Hitler lived here

The controversy over what to do with the building where the Führer was born
Exterior view of Adolf Hitler’s birth house in Braunau am Inn, Austria, Thursday, Sept. 27, 2012. With its thick walls, huge arched doorway and deep-set windows, the 500-year old house near the town square would normally be prime property. Because Hitler was born here, it has become a huge headache for town fathers forced into deciding what to do with a landmark so intimately linked to evil. (AP Photo / Kerstin Joensson)
Kerstin Joensson/AP
Kerstin Joensson/AP

In 1889, Adolf Hitler was born in a small guest house in Braunau am Inn, an Austrian backwater outside of Linz. His father worked as a customs officer at the nearby border with Germany, and the young family rented several rooms in the modest building. Today, 125 years later, the crumbling abode has inspired a raucous row about just what should be done with the birthplace of the world’s worst villain.

Earlier this month, the Austrian government hosted what journalists have since dubbed the “Birthplace Summit” in Vienna. Warring parties—namely the home’s owner, an anonymous local woman, and Austria’s Interior Ministry—gathered to decide the fate of the building, which has stood empty for the last two years amidst negotiations. After lengthy talks, summit participants appear to have reached an agreement: Hitler’s home will be turned into a language school and integration centre for immigrants. “Given the meaning this building has,” a spokesperson for the Interior Ministry explained, “it’s important to use it in a way that benefits people.”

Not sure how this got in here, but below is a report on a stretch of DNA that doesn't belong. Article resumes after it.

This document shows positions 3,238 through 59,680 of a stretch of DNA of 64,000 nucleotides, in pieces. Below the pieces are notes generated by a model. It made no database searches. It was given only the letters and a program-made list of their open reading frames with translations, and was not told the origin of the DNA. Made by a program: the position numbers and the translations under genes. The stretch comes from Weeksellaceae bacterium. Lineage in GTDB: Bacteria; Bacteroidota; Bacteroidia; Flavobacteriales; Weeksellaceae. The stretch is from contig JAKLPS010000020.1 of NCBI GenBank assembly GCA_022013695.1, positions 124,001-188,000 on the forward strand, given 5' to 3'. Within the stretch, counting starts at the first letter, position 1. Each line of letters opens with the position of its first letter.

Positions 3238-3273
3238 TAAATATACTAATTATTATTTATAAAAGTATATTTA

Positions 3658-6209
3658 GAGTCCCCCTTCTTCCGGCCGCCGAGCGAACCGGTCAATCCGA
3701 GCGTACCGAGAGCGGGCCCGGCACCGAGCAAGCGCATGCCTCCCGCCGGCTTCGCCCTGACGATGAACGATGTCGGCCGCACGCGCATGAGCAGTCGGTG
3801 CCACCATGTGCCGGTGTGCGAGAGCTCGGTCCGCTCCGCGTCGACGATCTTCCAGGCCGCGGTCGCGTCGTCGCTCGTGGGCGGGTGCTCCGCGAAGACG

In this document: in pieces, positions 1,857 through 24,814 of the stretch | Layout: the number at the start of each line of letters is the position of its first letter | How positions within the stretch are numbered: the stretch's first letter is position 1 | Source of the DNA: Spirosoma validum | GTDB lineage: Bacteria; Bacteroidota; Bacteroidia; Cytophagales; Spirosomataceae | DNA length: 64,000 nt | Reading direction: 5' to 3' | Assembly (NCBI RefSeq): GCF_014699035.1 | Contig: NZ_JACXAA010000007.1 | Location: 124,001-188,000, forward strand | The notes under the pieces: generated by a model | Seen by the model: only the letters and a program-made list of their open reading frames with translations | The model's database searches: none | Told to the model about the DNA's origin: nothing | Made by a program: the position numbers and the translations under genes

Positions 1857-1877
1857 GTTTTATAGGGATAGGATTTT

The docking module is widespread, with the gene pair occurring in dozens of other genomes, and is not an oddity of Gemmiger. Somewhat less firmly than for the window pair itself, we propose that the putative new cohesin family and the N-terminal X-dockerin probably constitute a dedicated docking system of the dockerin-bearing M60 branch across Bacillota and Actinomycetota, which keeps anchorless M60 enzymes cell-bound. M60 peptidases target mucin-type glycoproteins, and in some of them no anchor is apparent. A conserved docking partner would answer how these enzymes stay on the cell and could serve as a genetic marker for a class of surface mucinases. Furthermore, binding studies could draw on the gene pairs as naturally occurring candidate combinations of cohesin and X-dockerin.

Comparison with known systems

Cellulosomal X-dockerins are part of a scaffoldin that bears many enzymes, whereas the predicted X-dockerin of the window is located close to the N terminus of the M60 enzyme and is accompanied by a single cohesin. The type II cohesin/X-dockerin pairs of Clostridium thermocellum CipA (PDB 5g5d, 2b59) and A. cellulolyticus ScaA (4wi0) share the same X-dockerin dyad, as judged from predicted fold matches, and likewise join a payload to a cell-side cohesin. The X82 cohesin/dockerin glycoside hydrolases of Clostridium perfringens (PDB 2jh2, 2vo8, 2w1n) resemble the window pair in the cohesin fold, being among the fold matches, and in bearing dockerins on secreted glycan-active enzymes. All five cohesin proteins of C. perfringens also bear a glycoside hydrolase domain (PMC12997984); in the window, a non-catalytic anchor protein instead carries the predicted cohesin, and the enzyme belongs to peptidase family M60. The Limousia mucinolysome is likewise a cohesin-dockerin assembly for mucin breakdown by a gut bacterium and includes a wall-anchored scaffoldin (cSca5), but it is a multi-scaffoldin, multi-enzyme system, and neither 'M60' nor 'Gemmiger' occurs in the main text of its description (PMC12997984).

The perennial concern is that the house could become a gathering ground for Nazi sympathizers. According to local reports, the homeowner has rejected proposals to turn the building into an anti-fascist information centre, fearing this might leave the property vulnerable to fascist attacks. Currently, just a small memorial stone on the nearby street makes note of the home’s historical significance. Braunau’s mayor seems keen to keep it that way. “There are already quite enough memorials in the region,” he recently insisted, adding Hitler had “only lived there for three years.”

The Hitlers lived at 15 Salzburger Vorstadt until Adolf was three and they moved to Bavaria. In 1938, after the Nazis invaded Austria, the building was purchased by Hitler’s private secretary, Martin Bormann, who hoped to turn it into a shrine. The current owner leases the estate to Austria’s Interior Ministry, which carefully vets prospective tenants. Over the years, the old guest house has been used as a public library, a bank, a school and a workshop for the mentally disabled.

Similar discussions have taken place in Berlin concerning the site of the old Führerbunker where, on April 30, 1945, with Red Army troops advancing, Hitler dictated his will and killed himself. That site is currently occupied by a parking lot on which, it is said, locals like to bring their dogs to relieve themselves.